The Supreme Court while observing that the jurisdiction or power of Insurance Regulatory and Development Authority of India (IRDAI) was of wide amplitude, has set aside the order of Securities Appellate Tribunal as none of the e-mails were related to any illegal demand made by the appellant, to trigger off an inquiry on the aspect of bribery.

The Bench of Justice Aniruddha Bose and Justice Sudhanshu Dhulia observed that “...we find that barring the fact that the appellant had been given the brokerage contract, there is no other cogent material which would warrant a detailed investigation. The Tribunal has, exfacie, gone wrong in observing that the respondent no.5 had relied on documentary evidence in support of the complaint. We have referred to the nature of the documents but we accept the argument of Mr. Datar that these cannot constitute materials to trigger off an inquiry on the aspect of bribery being indulged into by the appellant to obtain the business from Jagson.”

Senior Advocate Abhishek Manu Singhvi appeared for the appellant, Senior Advocate Arvind Datar appeared for the IRDAI and Advocate T. Srinivasa Murthy appeared for the respondent.

A complaint was filed by the respondent before IRDAI wherein it was alleged that the appellant- an Insurance and Re-insurance Brokerage firm, by adopting illegal means was obtaining business of international re-insurance cover of another firm, Jagson International Limited (“Jagson”) on yearly brokerage/commission. The complaint was dismissed by IRDAI.

Against the order of IRDAI, the respondent approached the Securities Appellate Tribunal, Mumbai whereby the decision of IRDAI was set aside and further directed to conduct the inquiry into the complaint. Aggrieved by this order, the appellant approached the Apex Court.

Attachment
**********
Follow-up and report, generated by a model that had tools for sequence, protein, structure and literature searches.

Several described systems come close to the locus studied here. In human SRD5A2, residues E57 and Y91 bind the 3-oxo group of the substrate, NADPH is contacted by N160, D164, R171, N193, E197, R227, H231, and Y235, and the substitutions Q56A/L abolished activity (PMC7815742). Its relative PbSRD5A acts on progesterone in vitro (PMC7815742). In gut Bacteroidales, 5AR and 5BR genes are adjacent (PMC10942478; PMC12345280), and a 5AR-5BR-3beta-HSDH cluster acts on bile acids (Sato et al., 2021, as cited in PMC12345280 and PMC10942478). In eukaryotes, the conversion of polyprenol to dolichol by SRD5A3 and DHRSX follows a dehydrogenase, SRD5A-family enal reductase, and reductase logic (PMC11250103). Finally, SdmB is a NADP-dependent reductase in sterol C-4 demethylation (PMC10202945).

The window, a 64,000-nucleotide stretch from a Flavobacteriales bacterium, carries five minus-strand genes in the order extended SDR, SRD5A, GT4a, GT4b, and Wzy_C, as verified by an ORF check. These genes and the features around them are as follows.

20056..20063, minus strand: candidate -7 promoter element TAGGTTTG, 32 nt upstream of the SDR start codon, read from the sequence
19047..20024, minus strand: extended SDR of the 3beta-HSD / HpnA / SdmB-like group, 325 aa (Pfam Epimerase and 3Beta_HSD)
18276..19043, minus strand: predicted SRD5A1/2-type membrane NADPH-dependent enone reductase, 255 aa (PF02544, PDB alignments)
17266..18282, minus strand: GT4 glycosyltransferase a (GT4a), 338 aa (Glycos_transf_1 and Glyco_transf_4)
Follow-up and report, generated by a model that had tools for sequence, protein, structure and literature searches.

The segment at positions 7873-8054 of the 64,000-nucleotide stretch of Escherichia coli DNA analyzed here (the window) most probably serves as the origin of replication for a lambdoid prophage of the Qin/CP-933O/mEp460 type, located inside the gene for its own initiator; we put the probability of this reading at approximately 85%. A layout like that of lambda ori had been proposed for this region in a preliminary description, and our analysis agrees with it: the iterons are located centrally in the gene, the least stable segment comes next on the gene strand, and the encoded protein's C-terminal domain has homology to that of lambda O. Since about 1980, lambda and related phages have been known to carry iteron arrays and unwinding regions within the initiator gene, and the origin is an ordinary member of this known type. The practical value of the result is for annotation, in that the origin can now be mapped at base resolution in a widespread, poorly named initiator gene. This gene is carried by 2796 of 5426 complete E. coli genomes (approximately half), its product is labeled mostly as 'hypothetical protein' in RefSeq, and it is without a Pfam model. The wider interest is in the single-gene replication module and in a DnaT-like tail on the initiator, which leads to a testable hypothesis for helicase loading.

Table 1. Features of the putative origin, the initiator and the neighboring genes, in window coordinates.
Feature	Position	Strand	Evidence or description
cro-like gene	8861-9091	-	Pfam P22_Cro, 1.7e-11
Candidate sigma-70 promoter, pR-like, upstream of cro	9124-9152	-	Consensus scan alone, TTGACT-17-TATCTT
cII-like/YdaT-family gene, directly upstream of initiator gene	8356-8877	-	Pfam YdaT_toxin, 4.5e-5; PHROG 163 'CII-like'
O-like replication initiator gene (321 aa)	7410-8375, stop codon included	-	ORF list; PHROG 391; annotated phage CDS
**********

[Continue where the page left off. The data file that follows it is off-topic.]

The Apex Court noted that no proof of evidence had been brought on record to prove any illegal demand made by the appellant in obtaining the contract from Jagson.

“The fact finding body has already come to its conclusion on lack of evidence. In the given circumstances, we do not find any useful purpose that would be served in subjecting the appellant or their contract with Jagson to another round of inquiry. In the order under appeal, the Tribunal has observed that the complaint showed that the appellant had relied on documentary evidence in support of the contention that Jagdish Gupta had sought bribe and was bribed by the officers of Marsh for diverting their re-insurance business. But we fail to find any such document from which such a conclusion could be reached.” observed the Court.

Accordingly, the appeals were allowed, and the order of the tribunal was set aside.

Cause Title- Marsh India Insurance Brokers Private Limited v. M/S Atkins Special Risks Ltd. & Ors.

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